10 protest bullet points

A Radio 4 show is interviewing me about modern protest, not least because the parliamentary Joint Committee on Human Rights is nearing the end of its inquiry into policing and protest.

I contributed written evidence to the committee, and also contributed some memos following my rather faltering oral evidence.

Here are the top ten things I ought to say on radio (not in order of priority):

(1) Protest doesn’t change policy
Sometimes (say Chartism or the Suffragettes) demonstrations and direct action are in tune with underlying politcal and economic forces: then it can look as though protest “worked”. But it’s mostly an illusion. In the cases of roads, airports, CND, Stop the War – you name them – activist protest more obviously had little effect on policy. (Drop the Debt may be an exception.)

(2) Even big demos aren’t a problem
Well-organised demonstrations (liaised with the police) – however large – are usually uncontroversial and vent a lot of public ire.

(3) Protest doesn’t help democracy
Almost all “direct action” – including non-violent direct action, NVDA – is neither effective nor valuable to a democracy. It almost always involves inconvenience or cost (or worst) but is not a serious contributor to policy debates.

(4) Westminster is special
There is nothing wrong with the premise of SOCPA that within a kilometre of Parliament all protest events should seek police permission. Such a rule is not repressive unless it is interpreted badly.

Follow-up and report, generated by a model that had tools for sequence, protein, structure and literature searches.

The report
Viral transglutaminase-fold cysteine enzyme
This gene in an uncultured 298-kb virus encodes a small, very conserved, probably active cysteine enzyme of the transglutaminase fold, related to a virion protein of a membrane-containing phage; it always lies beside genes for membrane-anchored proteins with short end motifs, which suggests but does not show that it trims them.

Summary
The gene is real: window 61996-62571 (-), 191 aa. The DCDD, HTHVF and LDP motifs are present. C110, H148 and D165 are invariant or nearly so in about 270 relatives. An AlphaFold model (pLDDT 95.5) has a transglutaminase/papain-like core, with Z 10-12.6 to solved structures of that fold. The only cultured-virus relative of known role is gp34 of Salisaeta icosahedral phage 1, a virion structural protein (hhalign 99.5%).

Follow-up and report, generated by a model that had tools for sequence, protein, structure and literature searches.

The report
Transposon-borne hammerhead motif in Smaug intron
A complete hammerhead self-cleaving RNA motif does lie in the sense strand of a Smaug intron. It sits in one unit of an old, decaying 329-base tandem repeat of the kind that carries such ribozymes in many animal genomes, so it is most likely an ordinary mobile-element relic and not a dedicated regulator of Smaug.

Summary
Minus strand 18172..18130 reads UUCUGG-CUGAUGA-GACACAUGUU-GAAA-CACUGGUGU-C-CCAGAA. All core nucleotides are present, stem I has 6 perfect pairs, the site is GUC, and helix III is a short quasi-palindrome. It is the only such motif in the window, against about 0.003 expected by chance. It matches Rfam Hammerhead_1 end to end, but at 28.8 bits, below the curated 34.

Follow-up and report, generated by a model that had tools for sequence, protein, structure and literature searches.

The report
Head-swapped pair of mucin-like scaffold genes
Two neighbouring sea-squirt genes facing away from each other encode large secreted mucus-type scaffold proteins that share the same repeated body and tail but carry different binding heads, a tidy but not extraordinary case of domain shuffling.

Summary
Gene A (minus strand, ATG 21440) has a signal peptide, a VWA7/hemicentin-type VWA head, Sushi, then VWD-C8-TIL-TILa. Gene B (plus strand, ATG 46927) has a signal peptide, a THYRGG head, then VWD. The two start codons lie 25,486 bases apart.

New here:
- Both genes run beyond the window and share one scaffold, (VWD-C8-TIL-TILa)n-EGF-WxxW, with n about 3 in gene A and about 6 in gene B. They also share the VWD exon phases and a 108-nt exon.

(5) The police are sometimes clumsy
Where police behave oppresssively against protest, they should be challenged and explain themselves.

(6) Most illegal direct action should be more severely punished
Civil disobedience activists want seem courageous and feisty. A little gaol time might deter the theatricals and chasten the threatening. (If we ended up having to gaol lots of lippy students, we’d need to lighten the punishments, of course.)

(7) Scrap “lawful excuse”
It ridiculous that protestors’ criminal damage and criminal trespass can be defended in court on the basis of “lawful excuse”. That was designed for quite different work.

(8) Direct action is illiberal
It is not “liberal” to defend direct action. It is “illiberal” to use protest to trump parliamentary democracy.

(9) Protestors are seldom extremists
It is important that authorities keep their categories in order: very little direct action is done by “extremists”. Messing this up makes unnecessary enemies.

(10) The right to protest is extremely important, even if it is mostly ineffectual.

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Publication date

18 January 2009